Boaters welcome at Highline Lake, reminded to be safe, ethical, follow the rules
Colorado Parks and Wildlife
The park, located northwest of Fruita, is one of the most popular destinations for outdoor enthusiasts in the Grand Valley, offering camping, biking, hiking, hunting and fishing in addition to boating and other water sports.
"The season has started and we are ready to go," said Park Manager Alan Martinez. "Bring your boat, bring your rod and reel, sunscreen and something to eat and have a great time at great park."
Martinez reminds boaters that attention to safety and responsibility on the water is required from all park visitors to help prevent accidents.
Before launching your craft, CPW advises all boaters to be sure that the vessel is registered and that all of the required safety gear is on board.
"Check that you have the the necessary number of life jackets and that your safety equipment is in good working order," said Martinez. "It is one of the most important things you can do to stay legal, and prevent a tragedy. If you are not sure you have everything you need, we will be happy to provide an inspection at no charge."
Colorado Parks and Wildlife reminds the public that boating under the influence is against the law, and will be strictly enforced.
"We will be on the lookout for unsafe behavior and won't hesitate to enforce our boating laws, for everyone's protection," said Martinez. "We want you to have a great day at the park, but we urge everyone to respect the rules at all times."
Martinez adds that he and his park rangers are always available to answer questions and provide assistance.
In addition to safety, Colorado Parks and Wildlife is continuing its efforts to prevent the spread of harmful, aquatic nuisance species. Boaters are urged to do their part to help prevent the spread of zebra and quagga mussels, among other invaders, into the state's waterways.
"At Highline, just like many other waters in the state, your boat needs to be inspected prior to launching," said Martinez. "We have been successful so far in preventing an infestation, but we need the public’s continued cooperation."
Martinez adds that if an infestation ever occurs in Colorado, it can be very harmful, significantly limiting a reservoir’s ability to provide recreation and irrigation, as has happened in numerous waters across the United States.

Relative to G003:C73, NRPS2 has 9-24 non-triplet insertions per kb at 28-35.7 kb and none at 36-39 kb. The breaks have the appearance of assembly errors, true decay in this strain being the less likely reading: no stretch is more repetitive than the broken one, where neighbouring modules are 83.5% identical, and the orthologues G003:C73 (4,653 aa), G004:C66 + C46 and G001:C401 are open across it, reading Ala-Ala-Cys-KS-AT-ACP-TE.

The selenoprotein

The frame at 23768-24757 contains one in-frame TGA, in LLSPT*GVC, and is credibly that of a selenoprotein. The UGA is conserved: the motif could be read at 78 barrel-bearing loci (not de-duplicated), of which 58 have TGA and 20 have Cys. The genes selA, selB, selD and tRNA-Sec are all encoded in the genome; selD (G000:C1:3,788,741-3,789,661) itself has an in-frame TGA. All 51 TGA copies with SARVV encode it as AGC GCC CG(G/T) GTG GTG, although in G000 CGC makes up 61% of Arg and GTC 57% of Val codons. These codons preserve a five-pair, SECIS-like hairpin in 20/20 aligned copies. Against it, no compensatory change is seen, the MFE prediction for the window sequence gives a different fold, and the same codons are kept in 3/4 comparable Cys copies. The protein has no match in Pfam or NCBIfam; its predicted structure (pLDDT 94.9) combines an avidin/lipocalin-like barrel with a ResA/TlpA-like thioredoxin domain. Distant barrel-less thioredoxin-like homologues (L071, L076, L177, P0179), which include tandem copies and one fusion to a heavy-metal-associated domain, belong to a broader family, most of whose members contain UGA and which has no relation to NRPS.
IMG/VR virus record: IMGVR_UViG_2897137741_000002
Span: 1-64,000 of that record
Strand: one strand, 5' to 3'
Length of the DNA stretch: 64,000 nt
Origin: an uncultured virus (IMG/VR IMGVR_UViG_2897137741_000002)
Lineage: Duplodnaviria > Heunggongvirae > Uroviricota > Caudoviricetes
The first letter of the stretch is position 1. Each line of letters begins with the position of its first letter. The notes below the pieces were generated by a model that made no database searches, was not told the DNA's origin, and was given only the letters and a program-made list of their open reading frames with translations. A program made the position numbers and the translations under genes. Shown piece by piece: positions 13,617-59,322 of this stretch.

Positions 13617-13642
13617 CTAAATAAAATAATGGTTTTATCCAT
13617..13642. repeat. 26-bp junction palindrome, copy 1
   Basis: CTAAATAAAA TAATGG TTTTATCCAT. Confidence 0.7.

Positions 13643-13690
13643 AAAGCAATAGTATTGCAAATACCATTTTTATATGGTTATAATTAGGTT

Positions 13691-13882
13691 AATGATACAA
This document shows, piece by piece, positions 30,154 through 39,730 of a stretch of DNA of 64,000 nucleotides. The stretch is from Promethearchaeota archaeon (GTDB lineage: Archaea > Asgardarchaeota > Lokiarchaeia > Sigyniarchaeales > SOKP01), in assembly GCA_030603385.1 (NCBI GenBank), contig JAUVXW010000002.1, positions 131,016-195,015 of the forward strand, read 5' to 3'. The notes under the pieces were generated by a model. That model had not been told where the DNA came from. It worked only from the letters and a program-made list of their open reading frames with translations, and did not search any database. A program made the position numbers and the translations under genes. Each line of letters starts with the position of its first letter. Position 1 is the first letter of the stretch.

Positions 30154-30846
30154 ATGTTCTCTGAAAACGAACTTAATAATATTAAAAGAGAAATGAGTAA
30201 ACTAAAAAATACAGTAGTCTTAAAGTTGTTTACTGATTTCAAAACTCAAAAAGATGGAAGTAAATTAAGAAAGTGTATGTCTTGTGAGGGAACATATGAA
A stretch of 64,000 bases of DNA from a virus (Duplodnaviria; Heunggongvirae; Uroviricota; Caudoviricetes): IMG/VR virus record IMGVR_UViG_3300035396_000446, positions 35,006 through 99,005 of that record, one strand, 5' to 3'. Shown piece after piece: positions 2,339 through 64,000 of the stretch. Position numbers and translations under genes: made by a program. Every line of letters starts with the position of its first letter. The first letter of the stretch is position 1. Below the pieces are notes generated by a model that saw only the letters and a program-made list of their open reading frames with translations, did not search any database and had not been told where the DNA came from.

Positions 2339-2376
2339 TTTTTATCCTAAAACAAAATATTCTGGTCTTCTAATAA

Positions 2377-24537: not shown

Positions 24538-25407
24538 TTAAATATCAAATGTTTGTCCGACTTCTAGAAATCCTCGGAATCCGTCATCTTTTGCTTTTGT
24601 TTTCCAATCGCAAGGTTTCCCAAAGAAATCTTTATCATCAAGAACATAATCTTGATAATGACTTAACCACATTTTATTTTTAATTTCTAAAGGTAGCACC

"We all have a role in preventing this from happening here," said Martinez.
Through the month of March, Aquatic Nuisance Species inspectors will be available:
•8 a.m. - 4 p.m. Monday - Thursday
•8 a.m. - 6 p.m. Friday - Sunday
The public is advised to read posted inspection and decontamination schedules for changes as the boating season progresses.
Only the west ramp will open for launching watercraft and aquatic nuisance species inspections during the month of March. If an inspector is not available at the west ramp, boaters are advised to go to the Visitor Center at the east side, or call 970-858-7208 to ensure they get an inspection and decontamination if needed.
The public is reminded that a valid pass is required to enter the park. Anyone 16 or older that plans to fish will need a current fishing license, available for purchase at the park. Fishing licenses go on sale March 16 and are valid until March 31, 2017.
For more information about Highline Lake State Park, visit www.cpw.state.co.us/placestogo/Parks/highlinelake
To purchase a fishing license online, visit www.cpw.state.co.us/buyapply/Pages/Fishing.aspx
For more in formation about Aquatic Nuisance Species inspections, go to www.cpw.state.co.us/thingstodo/Pages/BoatInspection.aspx
For more information about boating safety, go to www.cpw.state.co.us/learn/Pages/BoatingSafety.aspx